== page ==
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Inspired by true events, The Spy is an interesting and methodically paced drama, one that does well to flesh out the tragic story of Israeli spy Eli Cohen. For those unaware, the man spent years operating as a spy behind enemy lines and Netflix have done well here to dramatize the events of this man’s life without ever falling into the realm of melodrama and doing a disservice to the true story. Boasting a slick aesthetic, with muted colours and an abundance of long shots, along with a solid performance from Sacha Baron Cohen himself, The Spy does well to slowly build up to its tragic climax.
Set in the heart of the 60’s during the tense conflict between Syria and Israel, The Spy sees Eli Cohen recruited for a dangerous mission, to go behind enemy lines and try and turn the tide of war. Beginning with Eli’s training and twisting and turning through to his ultimate sacrifice for Israel, The Spy builds up each episode with a good amount of progression, jumping through the years to include some incredibly tense segments. Although you can, of course, jump into this with no prior knowledge of the story, it actually makes this narrative far more effective to know the tragic backstory, effectively turning this into a tragedy rather than an espionage thriller.
Going into this, most people will know Sacha Baron Cohen predominantly for his work in comedies. From Borat and Who Is America through to Ali G and Bruno, the man has become a household name when it comes to caricatures and comedic personas. The line between comedy and tragedy is a thin one and I’ve said it before that some of the best comedic actors can effortlessly transition to the role of tragedy given how close these two genres are to one another. Robin Williams and Jim Carrey are good examples of this, along with Ricky Gervais and Steve Carell as more recent examples. I’m really happy for Sacha that he’s got the chance to showcase his dramatic chops here in this role and he absolutely delivers.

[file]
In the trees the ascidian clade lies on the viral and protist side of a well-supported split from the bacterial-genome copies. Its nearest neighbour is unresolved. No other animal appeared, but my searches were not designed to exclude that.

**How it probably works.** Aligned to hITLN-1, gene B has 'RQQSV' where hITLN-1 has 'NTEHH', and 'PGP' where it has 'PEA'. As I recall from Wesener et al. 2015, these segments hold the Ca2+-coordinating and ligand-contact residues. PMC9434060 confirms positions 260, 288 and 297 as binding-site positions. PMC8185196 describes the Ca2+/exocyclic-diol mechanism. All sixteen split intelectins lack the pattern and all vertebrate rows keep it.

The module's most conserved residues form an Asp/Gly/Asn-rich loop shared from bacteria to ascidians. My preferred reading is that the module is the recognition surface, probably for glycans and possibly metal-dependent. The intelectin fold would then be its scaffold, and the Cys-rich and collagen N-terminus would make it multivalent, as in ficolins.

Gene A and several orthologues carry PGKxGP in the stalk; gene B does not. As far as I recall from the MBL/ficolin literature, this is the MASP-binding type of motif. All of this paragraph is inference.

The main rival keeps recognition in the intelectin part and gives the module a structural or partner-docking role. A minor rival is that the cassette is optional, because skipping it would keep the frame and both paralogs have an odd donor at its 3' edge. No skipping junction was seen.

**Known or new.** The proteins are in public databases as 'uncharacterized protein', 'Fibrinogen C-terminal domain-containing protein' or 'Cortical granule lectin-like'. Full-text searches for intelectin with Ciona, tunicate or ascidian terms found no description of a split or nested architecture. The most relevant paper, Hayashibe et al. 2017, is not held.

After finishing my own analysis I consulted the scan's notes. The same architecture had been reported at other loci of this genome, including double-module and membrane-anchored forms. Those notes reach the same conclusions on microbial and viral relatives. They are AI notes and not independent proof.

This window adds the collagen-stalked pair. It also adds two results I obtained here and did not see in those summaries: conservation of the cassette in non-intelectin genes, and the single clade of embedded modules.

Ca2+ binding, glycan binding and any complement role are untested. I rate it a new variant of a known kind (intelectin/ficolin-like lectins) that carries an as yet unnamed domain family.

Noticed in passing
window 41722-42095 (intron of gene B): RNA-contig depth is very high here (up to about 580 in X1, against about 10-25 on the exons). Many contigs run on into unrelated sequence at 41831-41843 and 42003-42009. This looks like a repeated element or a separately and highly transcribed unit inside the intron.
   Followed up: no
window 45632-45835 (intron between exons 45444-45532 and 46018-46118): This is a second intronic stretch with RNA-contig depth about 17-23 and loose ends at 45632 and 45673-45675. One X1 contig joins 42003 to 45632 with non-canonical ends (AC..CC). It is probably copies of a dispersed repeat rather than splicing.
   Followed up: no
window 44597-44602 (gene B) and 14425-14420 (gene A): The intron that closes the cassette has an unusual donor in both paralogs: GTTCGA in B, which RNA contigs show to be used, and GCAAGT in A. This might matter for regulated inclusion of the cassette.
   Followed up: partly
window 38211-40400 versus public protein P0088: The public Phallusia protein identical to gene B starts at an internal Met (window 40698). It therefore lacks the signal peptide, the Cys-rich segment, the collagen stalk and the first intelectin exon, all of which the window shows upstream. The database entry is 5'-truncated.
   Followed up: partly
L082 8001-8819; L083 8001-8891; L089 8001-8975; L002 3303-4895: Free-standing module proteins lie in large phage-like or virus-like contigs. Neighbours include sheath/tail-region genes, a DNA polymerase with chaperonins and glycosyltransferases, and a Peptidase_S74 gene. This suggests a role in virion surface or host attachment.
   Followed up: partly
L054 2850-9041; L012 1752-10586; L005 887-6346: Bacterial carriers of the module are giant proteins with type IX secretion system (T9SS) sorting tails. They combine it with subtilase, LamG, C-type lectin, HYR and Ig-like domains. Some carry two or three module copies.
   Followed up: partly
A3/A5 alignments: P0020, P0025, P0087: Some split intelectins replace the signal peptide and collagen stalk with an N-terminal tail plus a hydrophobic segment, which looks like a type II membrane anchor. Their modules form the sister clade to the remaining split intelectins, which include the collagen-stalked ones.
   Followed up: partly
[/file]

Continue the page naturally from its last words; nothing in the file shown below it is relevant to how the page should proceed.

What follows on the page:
Aesthetically the series does well to add in a lot of muted colours throughout the 6 episodes to help give a sense of time and place. The Spy is clever in depicting this too, with Israel predominantly more muted and closer to black and white than the scenes in Syria which feel more colourful and vibrant. Subconsciously this helps to place the two states separately and with such solid production and set design to back it up, The Spy feels realistic with no anachronisms in sight.
Adding to this aesthetic is the use of text too, with handwriting appearing on walls behind while morse code is depicted through words that dissolve into dashes and dots that appear on screen as Eli communicates while behind enemy lines. All of this adds to the clever use of split screens through the series and it’s these moments that really show off the clever cinematography oozing through the series.
The Spy is a well written, interesting espionage series and while it doesn’t do anything wholly original or different, there’s enough creativity with the cinematography to give this one a bit of an edge over others in this genre. Sacha Baron Cohen does really well to bring the character of Eli to life and while there are a few scenes that feel intentionally dramatic, for the most part the tense atmosphere and grounded story does well to keep this feeling realistic and stylish. While there are better espionage thrillers out there, The Spy is well worth a watch nonetheless and a story that respectfully showcases the sacrifice of this brave man.
Verdict - 7.5/10